Your rights and obligations under Australian Employment law
Whether you are moving to Canberra as an employee or employer, your future employment relationships are likely to be at the forefront of your mind. In 2009, significant changes were made to Australia’s industrial relations law which will affect those relationships. Given strong penalties are awarded for non-compliance, it is important that you are familiar with your rights and obligations under Australian employment law.
Here are five things you need to know:
1. National Employment Standards
With very few exceptions, workplaces in Australia are governed by the Fair Work Act 2009 (Cth). Therefore, it is likely your future employment in Australia will be subject to the National Employment Standards (NES) contained in that Act. Covering areas from maximum working hours to leave, these 10 entitlements represent a minimum standard that no employment contract can fall below. Failure to comply with these standards can leave contractual terms voidable and result in considerable penalties being awarded against the employer.
Pay is central to every employment relationship and Australia has a famously generous national minimum wage – $17.70 per hour in 2017. But this is not the end of the story. Under the 2009 changes, the wages received by many employees are determined by industry awards. These set base pay rates for an industry according to the nature of work undertaken and frequently exceed the national minimum. Award rates are updated regularly (every six months in some industries), so it is essential to regularly check the applicable award.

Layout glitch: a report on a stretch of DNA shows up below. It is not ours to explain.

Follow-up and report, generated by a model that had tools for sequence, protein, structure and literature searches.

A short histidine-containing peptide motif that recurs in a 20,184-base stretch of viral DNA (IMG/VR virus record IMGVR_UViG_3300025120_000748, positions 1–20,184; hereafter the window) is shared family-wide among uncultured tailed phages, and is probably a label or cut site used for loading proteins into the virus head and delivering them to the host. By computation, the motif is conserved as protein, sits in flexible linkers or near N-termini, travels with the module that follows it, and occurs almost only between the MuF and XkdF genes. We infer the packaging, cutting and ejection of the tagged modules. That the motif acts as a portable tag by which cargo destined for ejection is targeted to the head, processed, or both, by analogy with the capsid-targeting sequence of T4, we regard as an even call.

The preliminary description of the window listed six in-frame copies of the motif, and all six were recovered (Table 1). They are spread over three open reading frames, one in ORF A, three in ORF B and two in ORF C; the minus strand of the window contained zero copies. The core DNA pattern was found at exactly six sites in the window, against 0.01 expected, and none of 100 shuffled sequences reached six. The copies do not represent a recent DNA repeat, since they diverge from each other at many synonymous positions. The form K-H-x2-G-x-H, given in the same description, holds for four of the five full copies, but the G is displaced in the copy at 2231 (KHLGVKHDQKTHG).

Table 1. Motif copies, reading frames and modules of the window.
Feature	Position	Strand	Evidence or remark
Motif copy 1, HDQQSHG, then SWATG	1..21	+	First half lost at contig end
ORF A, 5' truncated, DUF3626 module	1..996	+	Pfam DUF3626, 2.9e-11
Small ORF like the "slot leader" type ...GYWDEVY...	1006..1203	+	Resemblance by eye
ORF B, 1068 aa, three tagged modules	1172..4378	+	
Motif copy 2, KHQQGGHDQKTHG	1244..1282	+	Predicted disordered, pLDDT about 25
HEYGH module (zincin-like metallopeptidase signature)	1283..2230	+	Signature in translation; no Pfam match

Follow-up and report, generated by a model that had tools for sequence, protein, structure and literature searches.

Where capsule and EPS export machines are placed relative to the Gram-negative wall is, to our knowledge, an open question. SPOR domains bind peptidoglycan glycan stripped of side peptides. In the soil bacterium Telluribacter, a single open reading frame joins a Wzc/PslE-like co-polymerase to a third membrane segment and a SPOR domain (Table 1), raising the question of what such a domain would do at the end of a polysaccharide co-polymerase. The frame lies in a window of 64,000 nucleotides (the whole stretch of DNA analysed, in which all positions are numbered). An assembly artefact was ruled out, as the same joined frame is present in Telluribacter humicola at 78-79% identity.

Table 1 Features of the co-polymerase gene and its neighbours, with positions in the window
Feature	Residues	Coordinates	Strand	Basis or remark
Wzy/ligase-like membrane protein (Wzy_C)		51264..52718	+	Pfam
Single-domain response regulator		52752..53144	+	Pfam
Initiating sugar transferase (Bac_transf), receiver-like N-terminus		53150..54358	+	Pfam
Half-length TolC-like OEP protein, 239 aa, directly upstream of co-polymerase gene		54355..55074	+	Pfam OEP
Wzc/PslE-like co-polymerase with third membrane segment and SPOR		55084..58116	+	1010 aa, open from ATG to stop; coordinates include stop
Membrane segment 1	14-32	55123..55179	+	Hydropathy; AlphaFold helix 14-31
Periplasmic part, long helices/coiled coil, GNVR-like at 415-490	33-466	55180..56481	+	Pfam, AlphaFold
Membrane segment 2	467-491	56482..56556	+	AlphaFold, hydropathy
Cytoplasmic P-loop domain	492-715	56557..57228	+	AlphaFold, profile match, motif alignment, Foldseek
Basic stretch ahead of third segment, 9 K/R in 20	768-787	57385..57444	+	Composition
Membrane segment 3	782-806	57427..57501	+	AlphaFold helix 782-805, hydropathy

3. Unfair Dismissal
Employers should be cautious of, and employees familiar with, the right of a recently dismissed employee to make an application to the Fair Work Commission arguing that their dismissal was harsh, unjust or unreasonable. If the Commission agrees, employers may be required to reinstate the employee or pay them compensation. What constitutes a harsh, unjust or unreasonable dismissal will depend on the circumstances. Employers can also be found liable under these rules if they handle a dismissal in an improper manner, even if there is a valid underlying reason for the dismissal.
4. Adverse Action
In keeping with Australia’s strong stance against discrimination, Australian employees are protected from the ‘adverse actions’ of their employer if those actions were taken due to certain protected attributes possessed by the employee. In other words, an employer is liable for discrimination on the basis of a protected attribute – including gender, sexuality, disability and race – even when those actions would otherwise be legal (for example, terminating employment contracts). As with unfair dismissal, employers may face severe penalties from the Fair Work Commission for breaching these protections.
Due to Australia’s federal structure, many employment relationships attract obligations under Commonwealth (or federal) legislation as well as state/territory statutes. In many instances, these obligations are concurrent. Under Australian industrial law, rights and obligations can even arise for employment contracts executed overseas. Employers (and their employees) should be aware of these jurisdictional traps.
John Wilson is the managing legal director at Bradley Allen Love Lawyers and an accredited specialist in industrial relations and employment law. He thanks Robert Allen for his help in preparing this article.